Written by Elizabeth Stack. 11 November 2014.
Johnny Cash was a prolific songwriter and performer. He released well over one hundred singles in his lifetime, fourteen of which went to number one on the country charts (Dauphin). One of the most notable is “Folsom Prison Blues,” first released on his 1955 album With His Hot and Blue Guitar, reaching number 4 on the charts, then again on his live album Johnny Cash Live at Folsom Prison in 1968, which is when the song was re-popularized and became a number one hit. Though he is not credited on the album, the melody of “Folsom Prison Blues” was taken from a song by Gordon Jenkins called “Crescent City Blues.” Even many of the lyrics in the two songs are similar. Cash, however, did manage to give “Folsom Prison Blues” a unique tone and feeling. There is at once a sense of movement and stasis, which creates the song’s central tension (Shmoop Editorial Team), in large part due to Cash’s structuring of the song.
A unique feature of “Folsom Prison Blues” is its lack of a chorus. The verses continue one into the next in what’s called a strophic form. This continuation is one feature of the song that helps create the sensation of motion. It reflects the narrator’s stream of thought as he listens to the train rolling down the track. Though unpopular in today’s country music, strophic songs were more widely heard at the time of track’s release. Cash grew up listening to acts such as The Carter Family who often performed this style of song such as in “Wildwood Flower.” With “Folsom Prison Blues” he took this old timey sound, and gave it an updated electrified edge. It’s also a very common song form in blues music whose influence can be heard in many of Cash’s songs, and is indicative of the lamenting style of the song.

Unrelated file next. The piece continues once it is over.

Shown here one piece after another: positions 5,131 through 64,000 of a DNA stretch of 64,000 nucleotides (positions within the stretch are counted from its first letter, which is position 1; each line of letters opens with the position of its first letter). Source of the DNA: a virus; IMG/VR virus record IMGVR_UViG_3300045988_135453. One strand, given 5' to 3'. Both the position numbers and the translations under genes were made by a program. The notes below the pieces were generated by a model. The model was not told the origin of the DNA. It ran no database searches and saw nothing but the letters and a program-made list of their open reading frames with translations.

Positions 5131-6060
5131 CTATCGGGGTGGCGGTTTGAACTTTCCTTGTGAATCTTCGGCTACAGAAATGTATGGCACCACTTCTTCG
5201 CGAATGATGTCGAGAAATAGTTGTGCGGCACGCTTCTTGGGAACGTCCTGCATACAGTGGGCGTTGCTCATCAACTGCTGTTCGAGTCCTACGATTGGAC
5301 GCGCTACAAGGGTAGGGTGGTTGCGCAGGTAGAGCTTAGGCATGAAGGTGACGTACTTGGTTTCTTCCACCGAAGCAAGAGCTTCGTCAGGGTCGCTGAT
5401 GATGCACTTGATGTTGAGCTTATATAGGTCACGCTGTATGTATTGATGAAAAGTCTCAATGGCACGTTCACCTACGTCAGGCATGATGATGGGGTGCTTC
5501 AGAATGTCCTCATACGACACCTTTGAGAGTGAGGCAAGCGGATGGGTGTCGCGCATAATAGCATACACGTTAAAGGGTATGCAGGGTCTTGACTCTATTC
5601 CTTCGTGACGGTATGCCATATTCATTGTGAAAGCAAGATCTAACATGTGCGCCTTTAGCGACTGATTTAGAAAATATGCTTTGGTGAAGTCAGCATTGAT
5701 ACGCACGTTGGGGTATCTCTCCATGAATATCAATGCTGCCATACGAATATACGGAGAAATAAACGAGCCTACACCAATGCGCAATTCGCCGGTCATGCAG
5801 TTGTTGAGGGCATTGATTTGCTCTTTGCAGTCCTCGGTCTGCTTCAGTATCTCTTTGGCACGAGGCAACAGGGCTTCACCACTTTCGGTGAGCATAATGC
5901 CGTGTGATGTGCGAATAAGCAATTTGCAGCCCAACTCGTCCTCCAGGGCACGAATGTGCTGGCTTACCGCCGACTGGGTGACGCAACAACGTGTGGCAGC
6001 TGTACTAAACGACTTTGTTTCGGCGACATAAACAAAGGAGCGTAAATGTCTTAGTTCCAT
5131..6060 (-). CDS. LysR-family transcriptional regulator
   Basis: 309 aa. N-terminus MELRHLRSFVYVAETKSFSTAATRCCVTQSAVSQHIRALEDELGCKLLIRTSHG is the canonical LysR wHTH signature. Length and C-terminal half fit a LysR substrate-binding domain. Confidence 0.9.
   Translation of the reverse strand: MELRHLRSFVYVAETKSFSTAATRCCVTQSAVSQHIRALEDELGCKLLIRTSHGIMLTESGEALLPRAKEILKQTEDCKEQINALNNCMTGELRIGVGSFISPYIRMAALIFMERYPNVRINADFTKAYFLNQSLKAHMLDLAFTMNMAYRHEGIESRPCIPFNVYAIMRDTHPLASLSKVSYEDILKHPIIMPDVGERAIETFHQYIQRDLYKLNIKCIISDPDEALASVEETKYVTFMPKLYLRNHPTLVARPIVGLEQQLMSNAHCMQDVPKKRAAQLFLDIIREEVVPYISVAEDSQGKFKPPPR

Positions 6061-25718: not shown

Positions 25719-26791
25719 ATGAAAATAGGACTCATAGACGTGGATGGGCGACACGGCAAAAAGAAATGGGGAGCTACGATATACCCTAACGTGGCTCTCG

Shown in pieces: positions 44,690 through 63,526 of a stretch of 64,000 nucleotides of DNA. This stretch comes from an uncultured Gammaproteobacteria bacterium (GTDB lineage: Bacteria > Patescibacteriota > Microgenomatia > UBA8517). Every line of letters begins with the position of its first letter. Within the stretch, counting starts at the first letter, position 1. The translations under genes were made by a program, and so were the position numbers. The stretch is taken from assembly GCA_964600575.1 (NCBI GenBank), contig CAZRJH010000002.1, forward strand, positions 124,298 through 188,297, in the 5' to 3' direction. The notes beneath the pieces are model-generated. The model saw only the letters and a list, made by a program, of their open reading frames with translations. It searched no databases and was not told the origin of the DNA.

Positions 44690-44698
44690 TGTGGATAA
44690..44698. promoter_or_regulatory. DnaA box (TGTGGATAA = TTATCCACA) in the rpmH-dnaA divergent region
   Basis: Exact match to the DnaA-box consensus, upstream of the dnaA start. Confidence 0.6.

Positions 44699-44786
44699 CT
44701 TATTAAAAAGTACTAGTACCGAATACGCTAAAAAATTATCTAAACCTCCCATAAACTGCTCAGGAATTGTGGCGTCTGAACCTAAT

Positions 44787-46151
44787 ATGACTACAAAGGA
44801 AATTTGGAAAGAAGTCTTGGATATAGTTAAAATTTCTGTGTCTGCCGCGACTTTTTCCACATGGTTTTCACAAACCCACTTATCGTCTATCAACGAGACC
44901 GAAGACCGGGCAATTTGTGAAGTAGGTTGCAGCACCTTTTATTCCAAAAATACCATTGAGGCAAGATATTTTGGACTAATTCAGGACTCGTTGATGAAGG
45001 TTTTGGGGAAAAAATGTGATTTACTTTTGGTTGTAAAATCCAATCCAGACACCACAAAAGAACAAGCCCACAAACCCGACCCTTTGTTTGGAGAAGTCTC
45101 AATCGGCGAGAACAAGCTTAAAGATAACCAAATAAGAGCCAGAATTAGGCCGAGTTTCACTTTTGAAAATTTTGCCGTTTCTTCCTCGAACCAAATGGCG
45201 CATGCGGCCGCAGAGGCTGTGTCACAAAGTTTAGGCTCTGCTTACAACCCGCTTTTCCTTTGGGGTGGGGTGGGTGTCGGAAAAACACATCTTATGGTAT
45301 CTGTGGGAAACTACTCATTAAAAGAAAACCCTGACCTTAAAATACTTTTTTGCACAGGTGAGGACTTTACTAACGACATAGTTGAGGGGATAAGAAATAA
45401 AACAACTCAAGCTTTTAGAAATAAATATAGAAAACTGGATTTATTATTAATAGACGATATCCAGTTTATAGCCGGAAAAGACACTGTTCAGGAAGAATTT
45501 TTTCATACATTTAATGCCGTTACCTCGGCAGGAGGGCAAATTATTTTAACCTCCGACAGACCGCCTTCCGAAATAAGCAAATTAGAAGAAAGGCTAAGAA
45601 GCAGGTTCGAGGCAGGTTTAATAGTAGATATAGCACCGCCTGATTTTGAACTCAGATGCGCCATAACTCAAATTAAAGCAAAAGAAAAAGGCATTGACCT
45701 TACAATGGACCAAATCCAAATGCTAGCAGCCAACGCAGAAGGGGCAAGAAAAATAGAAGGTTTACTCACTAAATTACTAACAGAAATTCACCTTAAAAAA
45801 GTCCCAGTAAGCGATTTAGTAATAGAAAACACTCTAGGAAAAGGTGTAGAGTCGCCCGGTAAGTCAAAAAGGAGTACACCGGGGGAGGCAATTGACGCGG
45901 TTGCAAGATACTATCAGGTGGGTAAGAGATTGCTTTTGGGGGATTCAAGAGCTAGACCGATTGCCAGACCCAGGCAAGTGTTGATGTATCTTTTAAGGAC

Without the chorus Cash is able to build the sense of longing and restlessness as the song progresses. When it begins the most prominent feature of the song is Cash’s voice supported by the bass, but after the first verse the electric guitar picks up and the instrumentation continues to build peaking after the second verse. In the third chorus Cash continues this energy in his voice, but then begins to drop the energy back down as the song comes to a close, so it comes full circle ending much the way it started. The prisoner had his fun imagining life outside Folsom walls, but must now return to reality.
In “Folsom Prison Blues” Cash combines two traditional styles of folk songs: the train song and the prison song. Folk was traditionally a music of the lower class, and also of unknown composers. By drawing from this musical tradition in his song writing, Cash simultaneously identifies his audience, the subject of his song, and also emphasizes the unknown nature of the narrator who could be any prisoner. Additionally, train songs and prison songs inherently imply opposite things: freedom and captivity. This juxtaposition serves to highlight the prisoner’s inner struggle, the joy he gets from hearing the train and imagining being on it, and his pain from his inability to do so.
Another way in which the song conveys movement is its use of repetition, especially of action words. Cash repeatedly mentions the train “rollin”, “comin”, and “movin” down the track. Overlaid with the reoccurring boom chicka boom of the bass mimicking the chugging of a train throughout the song, it is very easy to feel the motion, and imagine the sound of the train in the distance.